“Where Women, comprising 50.8 per cent of Africa’s population, continue to face systemic challenges including gender-based discrimination, marginalisation, violence, and unequal access to education, land, resources, opportunity and a voice.

“Africa is home to 65 per cent of the world’s remaining arable land enough to feed 9.5 billion people in the world. Agriculture is a business,” she said.

According to the vice-president, growth in the agricultural sector is two to four times more effective in reducing poverty than growth in other sectors.

She said by 2030, Africa’s food and agriculture market is projected to be valued at 1 trillion dollars.

“These numbers alone demonstrate the central importance of agriculture as a cornerstone of Africa’s economy and a solution to the continent’s and the world’s food insecurity.

“The question, therefore, is not whether Africa can feed itself, it is how quickly we can make it happen,” she said.

While reiterating AfDB’s efforts towards food security, Akin-Olugbade said the bank was collaborating with partners to allow private agribusinesses to establish industries that processed and add value to agricultural commodities.

“So, to our policymakers, I say this: The time for bold action is now. Every policy should ask: Are we going beyond empowering to invest in our youths?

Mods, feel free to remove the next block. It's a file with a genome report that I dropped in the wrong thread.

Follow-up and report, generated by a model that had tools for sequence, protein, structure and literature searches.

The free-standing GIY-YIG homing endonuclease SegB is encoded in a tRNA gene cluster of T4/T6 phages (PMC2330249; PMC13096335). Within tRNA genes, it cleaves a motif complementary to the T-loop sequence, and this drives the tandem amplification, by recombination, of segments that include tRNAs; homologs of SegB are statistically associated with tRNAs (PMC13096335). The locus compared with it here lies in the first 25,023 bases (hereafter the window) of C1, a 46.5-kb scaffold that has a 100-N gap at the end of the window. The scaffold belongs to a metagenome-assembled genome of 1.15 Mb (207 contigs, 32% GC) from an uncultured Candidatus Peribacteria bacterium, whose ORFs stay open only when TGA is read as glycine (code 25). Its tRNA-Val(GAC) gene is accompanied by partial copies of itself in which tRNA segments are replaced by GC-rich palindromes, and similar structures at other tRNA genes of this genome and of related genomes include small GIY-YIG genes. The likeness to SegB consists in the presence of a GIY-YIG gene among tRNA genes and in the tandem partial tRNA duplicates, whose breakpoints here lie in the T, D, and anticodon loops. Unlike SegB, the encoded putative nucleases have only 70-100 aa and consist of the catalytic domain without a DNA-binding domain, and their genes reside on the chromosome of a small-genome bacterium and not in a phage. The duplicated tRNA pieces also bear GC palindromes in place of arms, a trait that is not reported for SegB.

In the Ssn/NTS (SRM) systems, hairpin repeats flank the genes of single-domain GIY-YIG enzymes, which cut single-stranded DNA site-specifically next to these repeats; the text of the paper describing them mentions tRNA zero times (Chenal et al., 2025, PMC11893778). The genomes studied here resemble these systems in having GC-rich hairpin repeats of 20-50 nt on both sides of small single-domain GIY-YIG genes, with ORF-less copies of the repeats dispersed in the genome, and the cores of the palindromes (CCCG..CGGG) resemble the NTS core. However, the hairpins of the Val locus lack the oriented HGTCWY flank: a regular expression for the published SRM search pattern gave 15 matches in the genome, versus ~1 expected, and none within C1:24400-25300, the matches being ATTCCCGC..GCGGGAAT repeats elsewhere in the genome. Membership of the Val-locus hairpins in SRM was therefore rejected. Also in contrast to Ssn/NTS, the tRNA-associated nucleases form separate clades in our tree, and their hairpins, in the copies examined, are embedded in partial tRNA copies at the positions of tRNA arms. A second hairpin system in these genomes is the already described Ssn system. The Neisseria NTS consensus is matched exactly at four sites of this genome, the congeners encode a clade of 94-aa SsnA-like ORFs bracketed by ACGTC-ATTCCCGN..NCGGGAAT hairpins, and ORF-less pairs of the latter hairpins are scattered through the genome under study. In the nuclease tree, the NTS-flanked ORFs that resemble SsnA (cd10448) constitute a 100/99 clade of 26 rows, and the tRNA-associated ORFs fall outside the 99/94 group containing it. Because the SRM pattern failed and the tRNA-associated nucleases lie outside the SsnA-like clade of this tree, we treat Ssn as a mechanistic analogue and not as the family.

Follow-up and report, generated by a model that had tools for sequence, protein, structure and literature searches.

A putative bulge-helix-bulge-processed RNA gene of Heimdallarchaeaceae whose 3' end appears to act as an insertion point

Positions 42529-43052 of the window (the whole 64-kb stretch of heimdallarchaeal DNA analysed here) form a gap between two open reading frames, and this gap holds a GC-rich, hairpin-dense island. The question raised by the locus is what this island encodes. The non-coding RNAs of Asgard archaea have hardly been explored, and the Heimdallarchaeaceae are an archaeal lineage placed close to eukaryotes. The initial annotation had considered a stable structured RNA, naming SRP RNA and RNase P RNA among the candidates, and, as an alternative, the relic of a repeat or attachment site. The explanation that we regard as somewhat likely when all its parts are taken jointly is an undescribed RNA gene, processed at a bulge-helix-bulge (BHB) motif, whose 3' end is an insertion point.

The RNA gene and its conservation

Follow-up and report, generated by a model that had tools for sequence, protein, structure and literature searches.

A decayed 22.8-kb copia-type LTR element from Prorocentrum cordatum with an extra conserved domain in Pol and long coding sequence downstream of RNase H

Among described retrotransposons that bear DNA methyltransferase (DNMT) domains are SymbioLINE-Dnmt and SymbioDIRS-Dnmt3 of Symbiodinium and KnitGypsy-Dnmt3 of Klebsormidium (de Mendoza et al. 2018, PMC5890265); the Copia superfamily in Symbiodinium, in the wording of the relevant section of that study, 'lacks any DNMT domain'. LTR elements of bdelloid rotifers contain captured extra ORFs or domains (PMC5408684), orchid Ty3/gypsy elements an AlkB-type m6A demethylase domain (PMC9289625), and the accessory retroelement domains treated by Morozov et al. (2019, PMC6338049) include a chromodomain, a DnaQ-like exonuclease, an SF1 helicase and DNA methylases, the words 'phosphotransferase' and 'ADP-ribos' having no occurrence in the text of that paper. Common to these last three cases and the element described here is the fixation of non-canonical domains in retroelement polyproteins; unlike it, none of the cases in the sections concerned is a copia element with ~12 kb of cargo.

“How does this support our women farmers? How does this move us closer to food sovereignty?

“To the youths and women: You are not just the future of Africa’s agriculture. You are its present. Your innovation, resilience, determination are the seeds from which a new African agricultural revolution will grow,” she said.

The vice- president said that by working together and focusing on these transformative initiatives, we would unlock the full potential of Africa’s agriculture.

She then expressed AfDB’s commitment to nurture the growth, ensure that Africa’s future in agriculture is bright and prosperous for all.

The Tide source reports that the event was attended by government officials, partners, women and youths in agriculture and stakeholders in the agric value chain.